Following this second great historical transition, a trans-Eurasian equilibration of infectious disease agents, European populations were becoming genetically and culturally attuned to many of these now endemic or recurring infectious diseases. Presumably, the same was true at the other end of Eurasia, in the ancient, vast civilization of China. Contact with the bubonic plague in Europe, however, had only been occasional, and the disaster of the Black Death in the mid-fourteenth century came at the end of this second transitional period.

(c) Third historic transition

The third transition resulted from European exploration and imperialism, beginning ca. AD 1500 and continuing over much of the past five centuries. This caused the trans-oceanic spread of often-lethal infectious diseases. The devastating impact of the repertoire of infections taken to the Americas by the Spanish conquistadores is well known. Similar processes occurred with European explorations of the Asia-Pacific region, with European settlement in Australia, and with the trans-Atlantic slave trade.

An interesting sidelight on this third transition comes from Charles Darwin’s two-month visit to the east coast of Australia in 1836, en route home after his famous stopover in the Galapagos islands. In his journal Darwin (1839) writes, following his observations of diseases in Australian Aboriginals:

Besides these several evident causes of destruction, there appears to be some more mysterious agency generally at work. Wherever the European has trod, death seems to pursue the aboriginal. We may look to the wide extent of the Americas, Polynesia, the Cape of Good Hope, and Australia, and we shall find the same result.

Darwin later continues:

It is certainly a fact, which cannot be controverted, that most of the diseases that have raged in the islands during my residence there, have been introduced by ships; and what renders this fact remarkable is that there might be no appearance of the disease among the crew of the ship which conveyed this destructive importation.

Here, half a century before the elucidation of the germ theory, this great naturalist was once again making incisive observation and inference.

(d ) Fourth historic transition

Today, we are living through the fourth great historical transition. This time the scale is global and changes are occurring on many fronts. The spread and increased lability of various infectious diseases, new and old, reflect the impacts of demographic, environmental, social, technological and other rapid changes in human ecology. Global climate change, one of the greatest of the human-induced global environmental changes now underway, will have diverse impacts upon the patterns of infectious disease occurrence.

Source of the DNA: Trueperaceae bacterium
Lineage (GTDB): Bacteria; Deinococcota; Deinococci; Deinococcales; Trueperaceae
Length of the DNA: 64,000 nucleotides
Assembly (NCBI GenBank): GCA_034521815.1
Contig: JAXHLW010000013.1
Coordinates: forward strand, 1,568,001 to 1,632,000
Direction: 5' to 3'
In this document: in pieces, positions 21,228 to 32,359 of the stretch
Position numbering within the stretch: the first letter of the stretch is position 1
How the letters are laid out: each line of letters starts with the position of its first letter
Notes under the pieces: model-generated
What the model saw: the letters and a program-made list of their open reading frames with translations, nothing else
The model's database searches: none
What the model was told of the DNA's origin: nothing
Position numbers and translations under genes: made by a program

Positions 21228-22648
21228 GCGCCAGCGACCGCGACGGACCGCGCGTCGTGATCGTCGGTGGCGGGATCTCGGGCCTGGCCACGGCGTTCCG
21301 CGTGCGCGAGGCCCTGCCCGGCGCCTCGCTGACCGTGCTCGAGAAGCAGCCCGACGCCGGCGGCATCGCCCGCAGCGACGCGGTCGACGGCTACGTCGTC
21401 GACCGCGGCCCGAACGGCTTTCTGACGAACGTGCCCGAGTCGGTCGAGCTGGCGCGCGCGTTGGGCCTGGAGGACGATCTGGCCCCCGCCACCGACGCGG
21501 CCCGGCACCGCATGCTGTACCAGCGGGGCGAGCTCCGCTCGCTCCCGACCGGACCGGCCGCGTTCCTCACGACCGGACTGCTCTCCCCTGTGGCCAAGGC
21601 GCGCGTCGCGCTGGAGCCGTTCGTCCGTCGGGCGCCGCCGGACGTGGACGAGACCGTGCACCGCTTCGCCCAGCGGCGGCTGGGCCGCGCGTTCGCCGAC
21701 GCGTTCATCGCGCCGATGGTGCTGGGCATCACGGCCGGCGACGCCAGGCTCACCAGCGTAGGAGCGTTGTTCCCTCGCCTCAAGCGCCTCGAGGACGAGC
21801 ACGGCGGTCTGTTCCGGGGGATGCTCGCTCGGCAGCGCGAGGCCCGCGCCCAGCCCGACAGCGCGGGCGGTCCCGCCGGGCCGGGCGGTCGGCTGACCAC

The globalization of our economic activities and culture, the rapidity of distant contact, the spread and intensification of urbanization, and our increasing reliance on either intricate or massive technology, are reshaping the relations between humans and microbes. In particular, we are destabilizing ecosystems in ways that favour the proliferation of the r species—that is, those small opportunistic species that (in contrast to the larger K species such as ourselves) reproduce rapidly, invest in prodigious output rather than intensive parenting, and have mechanisms to efficiently disperse their offspring. Pathogens are typical r species, and they live today in a world of increasing opportunity.

Figure 1 makes a crude attempt to compare the relative importance of major categories of environmental and social factors to each of the four historical transitions. Note, however, that the relativities are more meaningful within each of the four transitions, rather than between the transitions. This is a rather inexact exercise, but it underscores how configurations of social and environmental influences change. It also shows the more intensive set of influences that apply in today’s world.